Bottom Line, distributing quality content through outreach is a legitimate practice that all GOOD seo's engage in, and whether you like it or not, its in Googles best interest as well for content creators to be incentivized to create more content, which comes about through growing an audience, which comes from exposure to other publishers audience, and search engines.
"Here are a few common examples of unnatural links that violate our guidelines..." (3rd bullet point)
As another poster pointed out as well, these might be affiliate links dropped by a widget like skimlinks,etc...
Oh wait... there is!
Viewing the source from the "6 of the Most Enjoyable Theme Parks in the Nation"  article referenced in the parent article shows that the phrase "guaranteed best price on airfare" indeed is a straight link to Expedia.
 - http://www.cheaptravelblog.net/6-of-the-most-enjoyable-theme...
 - http://i.imgur.com/gGoo9jL.png
stackedmidgets 3 hours ago | link [dead]
You're hilariously wrong, due to your ignorance.
As someone who has written thousands of black hat articles just like these, even in the same vertical as discussed in the article, except more specific (certain niche European destinations) -- well written, for what I was paid -- I can say that articles like these are paid for, and violate Google's guidelines.
There's on article that I'm particularly proud of that involved inventing all sorts of fictional romantic adventures on an island off the coast of Spain that included specific anchor text about cheap hotels for that destination. Creative? Sure! It was almost as good as a print ad, even though it's likely that few real readers actually read the thing. Violating Google's guidelines? Fuck yes!!
Google has no access to the bank accounts of these writers to verify that the links were paid for. The search quality team can't plum the e-mail accounts of everyone involved to see that said articles were commissioned to include specific anchor text.
It's quite difficult to establish objectively whether or not the writers were paid for this. However, I can say that whenever black hatters write these kinds of articles, we're instructed by the client to include certain anchor text types, and to vary the anchor text for different articles in the same campaign.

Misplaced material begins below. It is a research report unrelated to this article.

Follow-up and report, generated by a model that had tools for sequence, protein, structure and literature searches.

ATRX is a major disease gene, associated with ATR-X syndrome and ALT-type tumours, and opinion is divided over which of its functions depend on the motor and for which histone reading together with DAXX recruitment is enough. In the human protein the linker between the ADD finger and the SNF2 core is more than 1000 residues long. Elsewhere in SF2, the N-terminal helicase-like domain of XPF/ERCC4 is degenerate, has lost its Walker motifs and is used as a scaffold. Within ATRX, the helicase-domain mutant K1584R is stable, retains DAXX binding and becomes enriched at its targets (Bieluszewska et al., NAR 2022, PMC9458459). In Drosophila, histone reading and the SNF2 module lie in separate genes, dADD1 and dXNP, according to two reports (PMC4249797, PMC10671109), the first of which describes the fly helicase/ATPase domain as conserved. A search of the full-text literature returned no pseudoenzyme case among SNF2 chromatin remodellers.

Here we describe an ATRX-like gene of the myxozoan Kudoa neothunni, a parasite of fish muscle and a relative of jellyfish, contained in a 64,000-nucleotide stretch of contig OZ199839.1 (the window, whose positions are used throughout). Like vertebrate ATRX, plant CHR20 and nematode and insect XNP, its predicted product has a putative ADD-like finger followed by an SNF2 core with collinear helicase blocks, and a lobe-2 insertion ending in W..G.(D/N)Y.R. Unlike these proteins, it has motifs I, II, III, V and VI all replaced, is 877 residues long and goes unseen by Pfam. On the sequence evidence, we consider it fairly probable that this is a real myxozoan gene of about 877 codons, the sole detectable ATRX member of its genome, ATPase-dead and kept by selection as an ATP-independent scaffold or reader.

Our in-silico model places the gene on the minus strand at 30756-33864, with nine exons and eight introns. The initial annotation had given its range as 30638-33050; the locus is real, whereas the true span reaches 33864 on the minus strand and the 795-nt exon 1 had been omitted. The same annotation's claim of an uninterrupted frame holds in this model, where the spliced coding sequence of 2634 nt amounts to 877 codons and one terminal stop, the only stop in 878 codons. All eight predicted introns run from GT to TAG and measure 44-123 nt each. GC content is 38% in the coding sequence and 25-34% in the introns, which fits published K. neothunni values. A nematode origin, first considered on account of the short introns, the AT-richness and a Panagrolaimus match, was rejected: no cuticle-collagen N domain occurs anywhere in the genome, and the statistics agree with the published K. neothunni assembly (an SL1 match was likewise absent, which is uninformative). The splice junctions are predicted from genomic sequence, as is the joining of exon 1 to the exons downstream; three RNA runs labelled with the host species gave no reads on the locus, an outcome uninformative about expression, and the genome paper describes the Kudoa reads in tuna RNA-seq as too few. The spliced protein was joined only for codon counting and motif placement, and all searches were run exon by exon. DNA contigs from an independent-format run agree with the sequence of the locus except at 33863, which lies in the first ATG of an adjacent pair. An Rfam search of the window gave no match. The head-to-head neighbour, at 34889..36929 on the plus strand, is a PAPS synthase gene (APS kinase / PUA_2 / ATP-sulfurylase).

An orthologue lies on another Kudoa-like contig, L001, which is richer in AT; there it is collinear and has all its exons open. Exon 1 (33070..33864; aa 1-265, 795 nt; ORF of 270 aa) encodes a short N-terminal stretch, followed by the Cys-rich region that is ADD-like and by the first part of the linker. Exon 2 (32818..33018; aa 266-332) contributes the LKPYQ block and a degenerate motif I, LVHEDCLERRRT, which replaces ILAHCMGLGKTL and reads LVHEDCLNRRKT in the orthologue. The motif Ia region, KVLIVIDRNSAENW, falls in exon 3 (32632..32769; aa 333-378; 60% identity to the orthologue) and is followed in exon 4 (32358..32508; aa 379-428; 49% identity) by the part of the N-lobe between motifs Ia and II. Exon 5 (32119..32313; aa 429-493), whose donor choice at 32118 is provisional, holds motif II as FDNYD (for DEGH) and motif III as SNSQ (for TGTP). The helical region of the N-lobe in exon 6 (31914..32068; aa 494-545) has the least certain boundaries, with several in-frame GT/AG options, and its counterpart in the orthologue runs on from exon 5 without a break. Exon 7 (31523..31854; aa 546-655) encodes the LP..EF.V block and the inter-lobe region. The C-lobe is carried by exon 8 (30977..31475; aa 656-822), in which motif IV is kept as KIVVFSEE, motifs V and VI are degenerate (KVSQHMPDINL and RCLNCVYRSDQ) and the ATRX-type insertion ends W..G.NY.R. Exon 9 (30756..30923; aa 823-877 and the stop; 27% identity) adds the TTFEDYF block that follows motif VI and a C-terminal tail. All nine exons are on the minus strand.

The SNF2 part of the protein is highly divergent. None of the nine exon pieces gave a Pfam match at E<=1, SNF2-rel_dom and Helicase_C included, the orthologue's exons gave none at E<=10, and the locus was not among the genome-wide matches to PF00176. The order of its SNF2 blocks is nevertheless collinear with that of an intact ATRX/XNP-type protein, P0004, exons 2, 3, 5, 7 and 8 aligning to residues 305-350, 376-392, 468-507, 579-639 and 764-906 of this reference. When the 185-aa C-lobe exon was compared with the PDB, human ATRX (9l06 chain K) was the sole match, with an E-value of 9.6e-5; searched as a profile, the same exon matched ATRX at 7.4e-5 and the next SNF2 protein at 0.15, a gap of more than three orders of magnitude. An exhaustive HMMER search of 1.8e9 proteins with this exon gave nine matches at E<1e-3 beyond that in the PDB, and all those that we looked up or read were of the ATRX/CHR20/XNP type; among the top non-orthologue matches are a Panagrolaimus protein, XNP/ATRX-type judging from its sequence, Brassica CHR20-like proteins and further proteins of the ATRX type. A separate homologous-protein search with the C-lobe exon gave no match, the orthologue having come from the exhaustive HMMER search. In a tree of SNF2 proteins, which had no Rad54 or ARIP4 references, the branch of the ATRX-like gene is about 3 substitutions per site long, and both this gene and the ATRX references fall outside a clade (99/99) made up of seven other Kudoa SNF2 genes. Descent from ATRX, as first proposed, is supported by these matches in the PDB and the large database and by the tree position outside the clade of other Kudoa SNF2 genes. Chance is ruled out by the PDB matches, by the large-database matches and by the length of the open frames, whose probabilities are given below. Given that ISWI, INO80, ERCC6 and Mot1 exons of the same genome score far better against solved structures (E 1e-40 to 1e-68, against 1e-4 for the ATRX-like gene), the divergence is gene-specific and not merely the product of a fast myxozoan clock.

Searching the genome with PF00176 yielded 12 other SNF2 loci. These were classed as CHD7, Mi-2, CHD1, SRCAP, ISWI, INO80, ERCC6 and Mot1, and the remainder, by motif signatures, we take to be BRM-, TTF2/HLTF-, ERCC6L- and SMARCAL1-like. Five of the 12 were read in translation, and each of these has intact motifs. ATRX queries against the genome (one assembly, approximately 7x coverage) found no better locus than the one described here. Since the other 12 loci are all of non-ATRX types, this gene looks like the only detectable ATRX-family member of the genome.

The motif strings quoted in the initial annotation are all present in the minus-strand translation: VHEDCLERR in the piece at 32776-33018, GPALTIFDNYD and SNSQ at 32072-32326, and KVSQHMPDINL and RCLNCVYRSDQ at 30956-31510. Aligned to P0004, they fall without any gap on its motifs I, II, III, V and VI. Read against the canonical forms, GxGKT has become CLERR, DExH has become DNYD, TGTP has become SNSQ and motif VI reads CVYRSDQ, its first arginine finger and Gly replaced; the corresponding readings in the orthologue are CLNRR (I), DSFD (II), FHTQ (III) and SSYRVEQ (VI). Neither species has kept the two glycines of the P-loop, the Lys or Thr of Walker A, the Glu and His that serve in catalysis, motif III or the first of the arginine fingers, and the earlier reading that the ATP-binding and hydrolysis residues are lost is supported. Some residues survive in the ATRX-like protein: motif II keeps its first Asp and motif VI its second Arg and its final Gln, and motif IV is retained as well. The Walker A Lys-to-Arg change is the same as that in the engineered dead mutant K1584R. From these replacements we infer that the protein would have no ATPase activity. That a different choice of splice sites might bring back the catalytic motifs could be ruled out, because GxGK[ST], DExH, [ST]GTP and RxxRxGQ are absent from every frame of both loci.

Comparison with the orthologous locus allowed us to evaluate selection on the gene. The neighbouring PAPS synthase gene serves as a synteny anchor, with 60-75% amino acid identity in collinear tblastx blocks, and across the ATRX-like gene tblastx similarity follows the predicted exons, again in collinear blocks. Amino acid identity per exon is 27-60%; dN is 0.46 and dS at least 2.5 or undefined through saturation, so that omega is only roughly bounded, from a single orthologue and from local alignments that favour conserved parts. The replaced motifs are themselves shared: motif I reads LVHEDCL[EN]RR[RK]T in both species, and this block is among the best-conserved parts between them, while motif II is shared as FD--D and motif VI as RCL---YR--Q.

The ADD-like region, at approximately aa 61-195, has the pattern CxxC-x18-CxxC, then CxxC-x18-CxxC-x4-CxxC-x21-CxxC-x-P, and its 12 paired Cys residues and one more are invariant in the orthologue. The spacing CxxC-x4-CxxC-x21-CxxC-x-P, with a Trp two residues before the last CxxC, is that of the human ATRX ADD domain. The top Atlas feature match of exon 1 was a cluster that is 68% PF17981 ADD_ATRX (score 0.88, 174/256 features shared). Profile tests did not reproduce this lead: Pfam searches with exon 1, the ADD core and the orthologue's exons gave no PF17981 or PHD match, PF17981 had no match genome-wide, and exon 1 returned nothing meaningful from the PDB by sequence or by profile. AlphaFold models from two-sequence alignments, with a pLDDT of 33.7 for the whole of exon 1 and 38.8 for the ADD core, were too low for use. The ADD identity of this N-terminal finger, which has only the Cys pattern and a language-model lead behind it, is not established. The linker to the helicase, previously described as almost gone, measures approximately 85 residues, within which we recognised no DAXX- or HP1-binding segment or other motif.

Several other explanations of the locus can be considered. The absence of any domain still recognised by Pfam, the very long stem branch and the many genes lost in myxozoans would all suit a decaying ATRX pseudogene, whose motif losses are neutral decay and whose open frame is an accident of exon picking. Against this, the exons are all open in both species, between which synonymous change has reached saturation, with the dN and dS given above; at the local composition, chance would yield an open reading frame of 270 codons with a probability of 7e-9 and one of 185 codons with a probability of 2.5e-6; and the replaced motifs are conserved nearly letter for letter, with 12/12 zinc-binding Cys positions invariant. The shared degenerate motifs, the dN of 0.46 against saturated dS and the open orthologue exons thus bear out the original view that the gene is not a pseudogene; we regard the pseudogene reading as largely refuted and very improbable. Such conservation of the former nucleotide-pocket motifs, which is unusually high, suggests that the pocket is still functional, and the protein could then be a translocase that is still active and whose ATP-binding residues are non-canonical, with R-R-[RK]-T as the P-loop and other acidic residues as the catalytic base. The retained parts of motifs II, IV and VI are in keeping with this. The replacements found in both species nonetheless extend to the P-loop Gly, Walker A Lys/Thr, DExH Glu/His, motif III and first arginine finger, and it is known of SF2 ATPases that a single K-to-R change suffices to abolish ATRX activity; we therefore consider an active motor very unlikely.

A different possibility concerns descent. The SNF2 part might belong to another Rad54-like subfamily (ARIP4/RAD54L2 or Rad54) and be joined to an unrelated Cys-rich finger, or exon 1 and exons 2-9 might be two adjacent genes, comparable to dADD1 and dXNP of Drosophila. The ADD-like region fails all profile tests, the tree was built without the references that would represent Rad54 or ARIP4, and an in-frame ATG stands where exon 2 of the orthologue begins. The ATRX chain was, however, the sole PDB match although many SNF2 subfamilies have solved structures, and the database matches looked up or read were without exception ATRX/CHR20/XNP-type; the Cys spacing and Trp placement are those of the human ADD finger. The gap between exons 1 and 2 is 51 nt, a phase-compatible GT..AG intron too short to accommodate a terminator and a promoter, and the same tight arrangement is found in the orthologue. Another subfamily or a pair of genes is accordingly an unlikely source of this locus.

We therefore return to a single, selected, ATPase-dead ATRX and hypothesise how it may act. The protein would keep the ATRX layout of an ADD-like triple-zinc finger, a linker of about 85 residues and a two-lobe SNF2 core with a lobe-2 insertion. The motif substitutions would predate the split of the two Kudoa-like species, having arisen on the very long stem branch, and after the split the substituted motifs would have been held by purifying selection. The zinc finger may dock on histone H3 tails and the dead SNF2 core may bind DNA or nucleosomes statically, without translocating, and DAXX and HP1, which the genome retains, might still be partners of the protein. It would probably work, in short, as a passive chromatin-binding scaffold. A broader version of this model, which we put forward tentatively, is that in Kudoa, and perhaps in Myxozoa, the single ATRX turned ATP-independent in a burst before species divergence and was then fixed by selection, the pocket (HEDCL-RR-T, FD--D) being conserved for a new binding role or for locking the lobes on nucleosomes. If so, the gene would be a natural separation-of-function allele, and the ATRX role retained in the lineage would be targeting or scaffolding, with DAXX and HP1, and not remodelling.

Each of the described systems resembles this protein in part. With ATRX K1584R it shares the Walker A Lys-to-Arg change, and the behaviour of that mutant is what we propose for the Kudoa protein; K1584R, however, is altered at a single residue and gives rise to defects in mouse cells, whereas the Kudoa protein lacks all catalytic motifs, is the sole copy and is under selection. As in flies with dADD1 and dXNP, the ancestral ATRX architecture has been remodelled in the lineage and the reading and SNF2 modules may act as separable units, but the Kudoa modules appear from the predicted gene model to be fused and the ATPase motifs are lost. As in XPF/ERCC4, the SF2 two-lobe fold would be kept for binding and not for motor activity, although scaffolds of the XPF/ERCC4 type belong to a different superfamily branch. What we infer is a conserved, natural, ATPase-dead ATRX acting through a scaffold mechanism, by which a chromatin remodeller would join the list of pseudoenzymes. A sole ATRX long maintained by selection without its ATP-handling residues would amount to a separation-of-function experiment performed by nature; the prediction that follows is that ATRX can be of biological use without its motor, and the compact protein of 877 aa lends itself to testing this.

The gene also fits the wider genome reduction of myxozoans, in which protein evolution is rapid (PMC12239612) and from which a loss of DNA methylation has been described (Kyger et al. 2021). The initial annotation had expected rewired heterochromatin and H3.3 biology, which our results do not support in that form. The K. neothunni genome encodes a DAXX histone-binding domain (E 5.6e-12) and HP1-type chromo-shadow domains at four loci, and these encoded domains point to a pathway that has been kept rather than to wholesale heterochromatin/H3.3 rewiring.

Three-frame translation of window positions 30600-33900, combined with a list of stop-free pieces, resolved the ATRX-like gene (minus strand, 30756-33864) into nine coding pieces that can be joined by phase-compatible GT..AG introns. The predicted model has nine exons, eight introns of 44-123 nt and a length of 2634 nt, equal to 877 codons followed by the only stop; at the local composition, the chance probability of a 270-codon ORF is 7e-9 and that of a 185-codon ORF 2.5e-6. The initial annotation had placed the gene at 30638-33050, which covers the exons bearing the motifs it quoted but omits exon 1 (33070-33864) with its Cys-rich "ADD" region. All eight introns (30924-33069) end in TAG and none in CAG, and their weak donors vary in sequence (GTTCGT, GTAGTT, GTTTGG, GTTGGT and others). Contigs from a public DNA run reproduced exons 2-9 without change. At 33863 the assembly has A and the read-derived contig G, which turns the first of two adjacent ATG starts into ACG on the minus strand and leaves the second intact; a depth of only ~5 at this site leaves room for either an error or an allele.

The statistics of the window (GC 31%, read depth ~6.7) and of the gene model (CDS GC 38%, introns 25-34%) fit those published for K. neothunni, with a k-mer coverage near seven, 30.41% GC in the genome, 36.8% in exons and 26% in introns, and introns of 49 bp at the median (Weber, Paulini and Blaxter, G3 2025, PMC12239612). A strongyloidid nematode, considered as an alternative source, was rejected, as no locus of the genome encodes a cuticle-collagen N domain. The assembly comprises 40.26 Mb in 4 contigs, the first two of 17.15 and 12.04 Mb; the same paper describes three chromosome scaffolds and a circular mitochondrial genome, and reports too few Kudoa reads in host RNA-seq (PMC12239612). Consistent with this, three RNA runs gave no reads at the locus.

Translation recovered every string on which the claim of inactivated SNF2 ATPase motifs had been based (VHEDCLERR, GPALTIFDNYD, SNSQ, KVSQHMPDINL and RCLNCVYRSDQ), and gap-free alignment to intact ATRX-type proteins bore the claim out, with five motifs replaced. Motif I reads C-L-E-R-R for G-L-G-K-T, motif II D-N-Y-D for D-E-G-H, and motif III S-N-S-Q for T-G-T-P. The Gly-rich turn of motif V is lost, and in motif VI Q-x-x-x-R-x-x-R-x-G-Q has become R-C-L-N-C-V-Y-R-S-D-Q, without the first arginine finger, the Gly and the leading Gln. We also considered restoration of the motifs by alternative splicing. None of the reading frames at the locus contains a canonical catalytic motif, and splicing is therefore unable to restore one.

Further, botted traffic adds another ugly layer to gaming SEO. The publisher just has to 'look' legitimate. The traffic can even be semi-botted by offices full of Indians using software for that purpose.
Are these not essentially the same thing? I understand that in the SEO business this has all been carefully nuanced, but in the general world the idea behind pagerank was that it made the web a democracy of sorts, where authentic, honest links organically demonstrate resources that users find most useful. That is the antithesis of "whoever can pay the most to have the most pages full of rote text created with paid links tops".
 - I should mention that organic linking is virtually dead, so perhaps it really doesn't matter. Blogs are, by and large, dead (and the few that persist engage in a circle-link pattern that is intended to essentially keep it in the family), and they (and personal websites) accounted for the overwhelming majority of legitimately organic links. Outside of that source of links, sites like Reddit and even probably HN are overwhelmingly gamed and manipulated, because the majority of users simply don't "vote" at all, leaving the manipulators an easy course to ply.
The web has been bought and paid for for several years now.
Not quite. SEO is about optimizing PageRank, which is a false proxy for a website's popularity. "Traffic generation" means actually increasing the site's popularity, for real users.
Google is only having "SEO scheme" problems with freeloaders, like RapGenius.
To site Wikipedia: "Don't be evil" was the informal corporate motto (or slogan) of Google. Key word here is was.